HoodieBuddie features built in headphones

HoodieBuddie features built in headphones

Executives from the smart textile and embedded sensor sectors gathered in London last month for the third edition of the annual Wearable Technology Show. Everything from performance enhancing sportswear to intelligent insoles and jackets that alert workers if they go too close to moving vehicles was on show. Katie Smith takes a closer look at some of the highlights. 

Antelope: Compression performance enhancing sportswear 

Wearable Life Science GmbH launched what it describes as the first mobile whole body electro muscle stimulation system for the end consumer under its Antelope series. Antelope products aim to enhance strength, endurance, coordination and speed during conventional exercising. The series, which includes a full body suit, calf guards, wing, pelvic floor pants, and tank top, consist of special compression fabrics with integrated textile electrodes and wiring. While the electro muscle stimulation (EMS) technology mimics natural muscle contraction, the stimulus occurs directly on the muscle and activates a much higher percentage of the fibres, the company explained. 

The fabric consists of a blend, which is suitable for sportswear, breathable, antibacterial and is washable, and can be stretched in multiple directions. The electrical impulses are triggered through an electronic unit – the Antelope booster – which is controlled by a mobile app. The Antelope app features specially developed programmes and settings such as frequency, intensity levels, training length, speed and intervals. 

Wearable Technologies: Zonesafe collaboration 

Wearable Technologies unveiled its Zonesafe collaboration, designed to alert workers in the industrial sector if they get too close to moving vehicles through warning lights and audio alarms embedded into their Visijax hiviz vests and jackets. The Zonesafe collaboration also includes washable safety vests and parkas that have LEDs integrated into them to add extra visibility in poor lighting conditions. 

Also on show was the company's activewear line, which includes jackets for cyclists. Teflon coated, breathable and waterprooof, the jackets feature white and red LED lights on the front and back respectively. With built-in motion sensors, the wearer can raise their arm to make the lights flash. By placing their arms back on the handle bar and completing the turn, the indicators self cancel and the lights stop flashing. 

AIQ Smart Clothing: BioMan 

Taiwan-based AIQ Clothing launched a range of smart garments, including its BioMan bio-monitoring shirt. Paired with Bluetooth connectivity to a smart device, BioMan can be used to monitor heart rate, ECG and stress level during sports training or everyday activities. The performance data can then be analysed on a mobile phone or computer. The shirt, which is machine washable, features the company's own stainless steel conductive fibre, which is manufactured by parent company Tex-Ray. The fibre is permanent, unlike coating materials in other products that peel off, a spokesperson for AIQ explained. AIQ also unveiled its smart clothing with motion sensing features for fitness and rehabilitation in healthcare applications.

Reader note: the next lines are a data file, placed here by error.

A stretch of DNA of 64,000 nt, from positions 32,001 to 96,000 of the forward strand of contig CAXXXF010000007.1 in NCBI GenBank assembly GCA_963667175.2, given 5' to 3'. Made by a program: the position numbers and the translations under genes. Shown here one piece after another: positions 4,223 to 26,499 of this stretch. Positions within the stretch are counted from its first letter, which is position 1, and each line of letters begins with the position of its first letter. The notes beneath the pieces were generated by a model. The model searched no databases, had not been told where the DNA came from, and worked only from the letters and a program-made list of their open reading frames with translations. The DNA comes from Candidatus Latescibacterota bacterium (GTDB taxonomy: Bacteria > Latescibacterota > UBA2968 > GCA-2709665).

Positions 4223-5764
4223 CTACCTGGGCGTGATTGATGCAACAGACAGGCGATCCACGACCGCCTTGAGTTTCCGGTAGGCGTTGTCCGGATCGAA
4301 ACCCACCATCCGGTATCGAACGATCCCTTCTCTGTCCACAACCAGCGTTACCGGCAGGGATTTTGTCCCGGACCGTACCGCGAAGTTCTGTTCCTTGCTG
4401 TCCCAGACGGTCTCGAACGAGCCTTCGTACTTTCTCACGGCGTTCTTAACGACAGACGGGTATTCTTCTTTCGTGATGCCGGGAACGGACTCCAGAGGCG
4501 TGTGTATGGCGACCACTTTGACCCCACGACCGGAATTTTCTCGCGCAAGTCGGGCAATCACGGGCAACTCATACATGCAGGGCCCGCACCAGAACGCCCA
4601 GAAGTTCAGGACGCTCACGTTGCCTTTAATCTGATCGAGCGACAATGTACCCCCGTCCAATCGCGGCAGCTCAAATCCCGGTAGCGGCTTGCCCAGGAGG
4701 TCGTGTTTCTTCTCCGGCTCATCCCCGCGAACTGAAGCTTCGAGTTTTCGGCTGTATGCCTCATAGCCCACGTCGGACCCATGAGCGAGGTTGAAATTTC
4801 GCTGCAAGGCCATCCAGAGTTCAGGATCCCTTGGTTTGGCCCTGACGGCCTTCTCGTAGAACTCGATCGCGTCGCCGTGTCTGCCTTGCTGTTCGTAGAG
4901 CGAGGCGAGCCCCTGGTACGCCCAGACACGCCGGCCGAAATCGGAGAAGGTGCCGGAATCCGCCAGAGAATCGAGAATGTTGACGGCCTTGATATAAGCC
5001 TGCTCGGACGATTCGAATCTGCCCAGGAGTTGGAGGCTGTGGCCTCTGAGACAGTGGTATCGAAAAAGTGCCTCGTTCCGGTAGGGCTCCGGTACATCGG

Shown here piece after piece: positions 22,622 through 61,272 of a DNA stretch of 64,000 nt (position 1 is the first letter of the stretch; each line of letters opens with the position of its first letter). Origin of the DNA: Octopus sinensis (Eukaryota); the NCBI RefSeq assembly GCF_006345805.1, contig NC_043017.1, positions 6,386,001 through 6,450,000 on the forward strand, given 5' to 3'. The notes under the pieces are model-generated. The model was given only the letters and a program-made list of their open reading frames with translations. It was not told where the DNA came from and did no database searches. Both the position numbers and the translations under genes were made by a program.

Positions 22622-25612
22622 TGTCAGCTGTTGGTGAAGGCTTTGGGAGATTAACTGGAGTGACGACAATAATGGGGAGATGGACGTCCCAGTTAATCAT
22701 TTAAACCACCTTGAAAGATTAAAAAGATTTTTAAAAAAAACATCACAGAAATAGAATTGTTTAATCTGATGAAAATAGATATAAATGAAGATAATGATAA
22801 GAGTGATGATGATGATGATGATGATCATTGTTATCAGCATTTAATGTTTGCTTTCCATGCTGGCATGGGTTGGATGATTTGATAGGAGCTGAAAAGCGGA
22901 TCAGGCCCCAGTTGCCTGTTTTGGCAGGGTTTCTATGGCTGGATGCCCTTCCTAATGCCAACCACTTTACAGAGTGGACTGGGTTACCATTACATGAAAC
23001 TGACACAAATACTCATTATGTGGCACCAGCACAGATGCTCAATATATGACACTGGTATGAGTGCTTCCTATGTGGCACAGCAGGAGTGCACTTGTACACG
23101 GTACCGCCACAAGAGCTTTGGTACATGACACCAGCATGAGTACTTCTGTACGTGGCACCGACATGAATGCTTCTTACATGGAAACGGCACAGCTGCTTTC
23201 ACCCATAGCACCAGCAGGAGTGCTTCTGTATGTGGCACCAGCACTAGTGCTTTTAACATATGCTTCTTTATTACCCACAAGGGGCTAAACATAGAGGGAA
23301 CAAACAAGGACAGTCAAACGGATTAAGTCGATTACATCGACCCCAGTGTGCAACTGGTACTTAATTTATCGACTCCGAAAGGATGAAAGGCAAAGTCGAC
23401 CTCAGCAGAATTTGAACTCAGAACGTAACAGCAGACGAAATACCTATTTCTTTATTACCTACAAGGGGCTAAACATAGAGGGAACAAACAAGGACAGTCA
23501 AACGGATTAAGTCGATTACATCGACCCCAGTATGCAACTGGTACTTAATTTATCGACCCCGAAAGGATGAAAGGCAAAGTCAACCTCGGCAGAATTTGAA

Myzone: App and smart clothing range

Myzone, which was named 'overall wearable winner' at the show, unveiled its new innovative app and smart clothing range. The Myzone heart rate monitor promises 99.4% electrocardiogram technology (EKG) accuracy and can store up to 16 hours of activity data. Integrated into the MZ-3 belt, it provides real-time accurate feedback on heart rate, calories and intensity in five colour-coded zones. Exercise data can be accessed using the app to help the wearer track progress and gain more understanding about their workout habits. It also features built-in leaderboards, status rankings, and social integration. 

The Myzone heart rate monitor has also been integrated into a smart bra for women and compression T-shirt for men. They each feature connecting points for the Myzone module to snap on and line up with the wearer's heart. 


HoodieBuddie showcased its lifestyle garments with built-in headphones. Using patented HB3Technology, each HoodieBuddie contains a standard headphone jack in the front zipped pocket that plugs into any headphone-compatible device. Once plugged into the device, the audio travels through embedded cables within the garment to the headphones, which are built in to the ends of the drawstrings. The hoodies, which are machine washable, retail at GBP44 (US$63) to GBP65. 

Ato-Gear: Arion

Ato-Gear unveiled its first running wearable. Arion is designed to help runners improve their running technique and performance and prevent injuries using an ultra-thin intelligent insole. The pressure sensitive insoles, which slip under existing running shoe insoles, analyse a runner's biomechanics and feed that data to an app via Bluetooth, providing real-time feedback during a run. The data can also be uploaded onto an online dashboard, which runners can review to plan and develop their training programmes. 

Clara Swiss Tech: Smart jacket 

Clara Swiss Tech showcased its smart jacket designed to improve cyclist and pedestrian safety by enhancing their visibility in poor light conditions. The jacket incorporates ultra-bright turn signals and braking sensors, which automatically perceive whether a rider is braking and promptly activate all indicators in red to signal to upcoming cars to slow down. Made from waterproof fabrics, the jacket also has up to ten hours of battery life.